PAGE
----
I’m curious to see how strong certain commenters’ ideological commitments are to “So what if one owner is willing to outspend everybody else and buy a division/championship? That’s good for baseball.” Is there any point at which your desire to see free agents financially rewarded within this scenario comes into conflict with, like, your desire to watch meaningful/competitive baseball games?

    (Again, not that all this couldn’t possibly blow up in the Mets’ faces.)

    And, yes, I’m sure we’re all eagerly awaiting an epic, four-ellipses TAD meltdown.

  19. This is nutso.

    @26, I’m not sure if I exactly fit who you’re speaking to, but I certainly do desire for owners to spend more and players to get paid more, and I deplored the owners’ lockout. So I probably am.

    I don’t like the idea that a championship could be bought. But for now, I’m still in the same camp as Ububba @7. The Mets haven’t won yet. Correa’s really good, and their high-priced roster contains a lot of good players. But you can’t win in the off-season.

    My hope is always that when one owner decides to make a splash, others will feel competitive. The only way for “one owner [who] is willing to outspend everybody else and buy a division/championship” is for the other 29 to let him.

    What is truly bad for competition, in my view, is the owners who demonstrably do not wish to try, Oakland and Pittsburgh above all. Sitting on your thumbs is simply contrary to the spirit of sports competition.

    We’ll see what happens after the Mets’ insane spree. But I don’t think it’s necessarily bad for baseball. And I also don’t think it necessarily means the Mets have the division in a bag, let alone the postseason. Still, I don’t know what all the fallout will be. We will see.

  20. I think that this does validate some of my thoughts vis a vis the posture of the Braves organization.

    While I understand that there are different strokes for different folks, I will admit that it would be a helluva lot of fun to support a team doing what the Mets are doing versus a team known for not signing FAs and tricking young players to take 2/3 less than they are worth.

    By the way, I’m entitled to my opinion on the above and I wholly do not believe the strategy to be a long term solution. I’m old and I’m stubborn but I truly believe that the decisions to behave this way in FA (take our lowball offer or GTFO) and long term contract(ing) is not sustainable.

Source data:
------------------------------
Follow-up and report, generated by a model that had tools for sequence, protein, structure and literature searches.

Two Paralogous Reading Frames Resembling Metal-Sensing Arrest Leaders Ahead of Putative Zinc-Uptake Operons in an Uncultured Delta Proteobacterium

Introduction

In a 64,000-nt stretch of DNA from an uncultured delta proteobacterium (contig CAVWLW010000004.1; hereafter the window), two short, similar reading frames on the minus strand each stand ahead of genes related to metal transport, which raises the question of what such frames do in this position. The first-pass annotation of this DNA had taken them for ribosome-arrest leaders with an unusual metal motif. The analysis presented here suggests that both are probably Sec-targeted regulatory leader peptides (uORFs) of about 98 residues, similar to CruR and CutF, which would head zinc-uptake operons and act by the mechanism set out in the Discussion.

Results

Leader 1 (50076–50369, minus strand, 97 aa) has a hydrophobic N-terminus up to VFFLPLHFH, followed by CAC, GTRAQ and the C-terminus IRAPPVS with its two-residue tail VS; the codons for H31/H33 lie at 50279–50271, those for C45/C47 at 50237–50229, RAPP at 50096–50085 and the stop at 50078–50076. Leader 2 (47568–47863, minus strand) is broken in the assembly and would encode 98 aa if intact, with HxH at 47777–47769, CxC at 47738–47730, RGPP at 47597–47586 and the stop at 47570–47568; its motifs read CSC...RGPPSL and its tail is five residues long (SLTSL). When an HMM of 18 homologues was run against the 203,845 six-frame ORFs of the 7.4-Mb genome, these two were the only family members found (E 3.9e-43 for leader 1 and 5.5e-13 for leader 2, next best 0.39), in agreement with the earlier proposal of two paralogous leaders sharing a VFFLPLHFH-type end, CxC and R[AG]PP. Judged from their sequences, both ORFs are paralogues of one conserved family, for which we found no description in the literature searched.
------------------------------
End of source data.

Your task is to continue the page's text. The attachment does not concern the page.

21. The Mets just prove how artificial the luxury limits are. Basically any team could double (or more) their payroll and not even notice it. The fact that they don’t shows you where their priorities are.

    Like, do you honestly believe if the Braves had signed Swanson to a 7/177 deal and it had gone south, they’d have gone bankrupt, or even lost money? The payroll limitations teams operate under are largely self-imposed, and they’re relying on fans not noticing.

  22. This is why the owners were wary of Steve Cohen. He’s outing them as the cheapskates that they are!

    (also – everything MLB is waaaay overpriced. But that tuna ain’t going back in the can)

  23. Passan reports the luxury tax will put payroll at $495 million for the Mets. If that’s the level of spending necessary to compete, the next CBA is going to be fun. I would imagine at least 2/3 of the owners are going to want to really punish Cohen-like spending.

    P.S. Correa presumably has to pass another physical to the satisfaction of the Mets.

  24. @28, I wasn’t thinking of you, but: Is there a point at which any owner should ever stop spending? Or should we just let the offseason go on forever, while one owner bids, “Infinity plus one!” and the next owner bids, “Infinity plus two!” And so on. How far should we expect these people to go? Is there a point at which an owner should walk away from the table, ever?

    Maybe people like competitive auctions more than they like baseball. Maybe people like watching rich people make poor decisions more than they like baseball. Maybe instead of watching games, we can watch owners amass resources all year long, in anticipation of offseason spending?

    (Or, on the contrary, if championships aren’t won in the offseason, the playoffs are a crapshoot no matter what, etc., then why does anyone get bent out of shape if the Braves are spending “in the neighborhood,” after all?)

  25. Also, independent of the money question, if two teams diagreed about a player’s medical profile and one of those teams was the Mets, I would put my money on the other team’s evaluation so fast my arm would be fried by air friction. Worst case is Correa needs TJ or labrum surgery and the Mets think he can play through it.